Financial Daily from THE HINDU group of publications
Monday, Jul 08, 2002
Agri-Biz & Commodities
Exports & Imports
Grain exports may top 100 lakh t
NEW DELHI, July 7
EXPORTS of foodgrains from the Food Corporation of India's (FCI) stocks are likely to cross 100 lakh tonnes (lt) in the current fiscal.
According to the Ministry of Consumer Affairs, Food and Public Distribution, a total quantity of 21.80 lt has been already been lifted by exporters from FCI godowns during April-May, including 14.34 lt of rice and 7.46 lt of wheat. At this rate, foodgrain exports of 100 lt or more for the entire fiscal does not seem a tall order.
During 2000-01 and 2001-02, foodgrain exports from the central pool totalled 16.84 lt and 46.85 lt. For the current fiscal, the Government has set an ambitious target of exporting 150 lt of foodgrains from FCI's stocks, of which 100 lt is to be accounted for by wheat and the rest by rice.
"Going by the trends in the first two months, we can certainly expect exports to double during this year,'' officials said. But significantly, unlike in the last two years, the surge in exports this year is being mainly led by rice. This is being largely attributed to FCI's competitive pricing policy, with raw rice being supplied to exporters at Rs 5,760 per tonne (around $118) and par-boiled rice at Rs 6,115 per tonne ($125).
As a result, Indian rice (with 25 per cent brokens) is being offered at about $136 per tonne free-on-board (f.o.b), compared to the corresponding quotes of $163 per tonne from Vietnam and $180 per tonne from Thailand. Even par-boiled rice (5 per cent brokens) is being offered for as low as $170 per tonne f.o.b.
The same is not the case with wheat, where FCI is offloading at Rs 4,310 per tonne ($ 89 per tonne). Considering that the f.o.b price is $ 96-97 per tonne, exporters are making a net margin of hardly $1-2 per tonne on wheat. "Wheat exports are being undertaken mainly by a handful of large trading houses who are handling large volumes. The margins are much higher in rice,'' traders pointed out.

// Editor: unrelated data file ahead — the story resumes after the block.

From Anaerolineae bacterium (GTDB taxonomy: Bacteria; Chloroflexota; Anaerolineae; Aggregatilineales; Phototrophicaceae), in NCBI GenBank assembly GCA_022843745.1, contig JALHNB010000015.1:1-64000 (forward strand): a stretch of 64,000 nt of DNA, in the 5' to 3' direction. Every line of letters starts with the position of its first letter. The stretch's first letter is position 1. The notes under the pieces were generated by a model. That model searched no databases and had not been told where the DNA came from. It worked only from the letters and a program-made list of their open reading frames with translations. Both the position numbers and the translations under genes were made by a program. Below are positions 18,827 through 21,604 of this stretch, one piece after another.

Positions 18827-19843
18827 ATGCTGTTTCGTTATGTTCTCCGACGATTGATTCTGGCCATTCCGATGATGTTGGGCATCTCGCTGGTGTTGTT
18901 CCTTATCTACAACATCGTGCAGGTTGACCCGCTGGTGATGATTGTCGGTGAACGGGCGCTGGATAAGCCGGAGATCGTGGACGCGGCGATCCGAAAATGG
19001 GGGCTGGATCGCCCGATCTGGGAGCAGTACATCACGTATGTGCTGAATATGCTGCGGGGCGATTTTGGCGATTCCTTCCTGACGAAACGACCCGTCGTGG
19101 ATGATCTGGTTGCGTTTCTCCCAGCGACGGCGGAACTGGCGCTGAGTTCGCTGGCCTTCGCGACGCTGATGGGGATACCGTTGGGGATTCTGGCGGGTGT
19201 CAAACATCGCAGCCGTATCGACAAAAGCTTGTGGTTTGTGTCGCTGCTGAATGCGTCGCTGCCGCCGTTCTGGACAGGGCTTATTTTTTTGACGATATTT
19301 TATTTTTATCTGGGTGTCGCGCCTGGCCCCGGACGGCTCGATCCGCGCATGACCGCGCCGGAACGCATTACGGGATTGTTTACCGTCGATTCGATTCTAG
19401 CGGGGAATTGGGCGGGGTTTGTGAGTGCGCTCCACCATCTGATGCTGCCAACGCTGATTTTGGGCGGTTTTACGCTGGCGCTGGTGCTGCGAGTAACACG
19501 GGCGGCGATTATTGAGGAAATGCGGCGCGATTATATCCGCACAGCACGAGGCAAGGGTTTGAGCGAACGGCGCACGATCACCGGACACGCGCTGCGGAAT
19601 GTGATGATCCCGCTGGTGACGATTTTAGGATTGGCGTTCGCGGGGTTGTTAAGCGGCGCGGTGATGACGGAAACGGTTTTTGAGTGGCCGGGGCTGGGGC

The Government is placing its hopes on exports to pare its huge stockpile of foodgrains. The accompanying Table shows that of the total foodgrain offtake of 312.96 lt from the central pool during 2001-02, almost a third was due to lifting by exporters (46.85 lt) and domestic roller flour mills (55.98 lt) under FCI's `open sale' scheme.
On the other hand, there was only a marginal increase in offtake under the regular targeted public distribution system (TPDS). The other major offtake category comprised the assorted special welfare schemes Sampoorna Grameen Rozgar Yojana, Food for Work, Mid-day meals and assorted disaster relief programmes that consumed another 71 lt.
During April-May 2002, the share of exports in aggregate offtake of 61.07 lt (40.19 lt rice and 20.88 lt wheat) has been nearly 36 per cent. In fact, the quantum of rice exports, at 14.34 lt, has been higher than the corresponding offtake of 10.16 lt and 2.80 lt under the below poverty line (BPL) and above poverty line (APL) heads, respectively. Similarly, in wheat, exports (7.46 lt) have been higher than the corresponding BPL and APL offtake figures of 4.54 lt and 2.44 lt, respectively.
Officials say that if exports cross the 100 lt mark this year, the total offtake during 2002-03 would easily touch 350 lt, which would keep FCI's stocks within manageable limits. As on June 1, 2002, foodgrain inventories in the central pool totalled 648.30 lt, including 413.17 lt of wheat and 234.01 lt of rice. Although these are higher than the corresponding June 1, 2001 levels of 607.01 lt (375.47 lt wheat and 228.61 lt rice), there is no danger of stocks accumulating beyond 750 lt, as it was being feared till recently.
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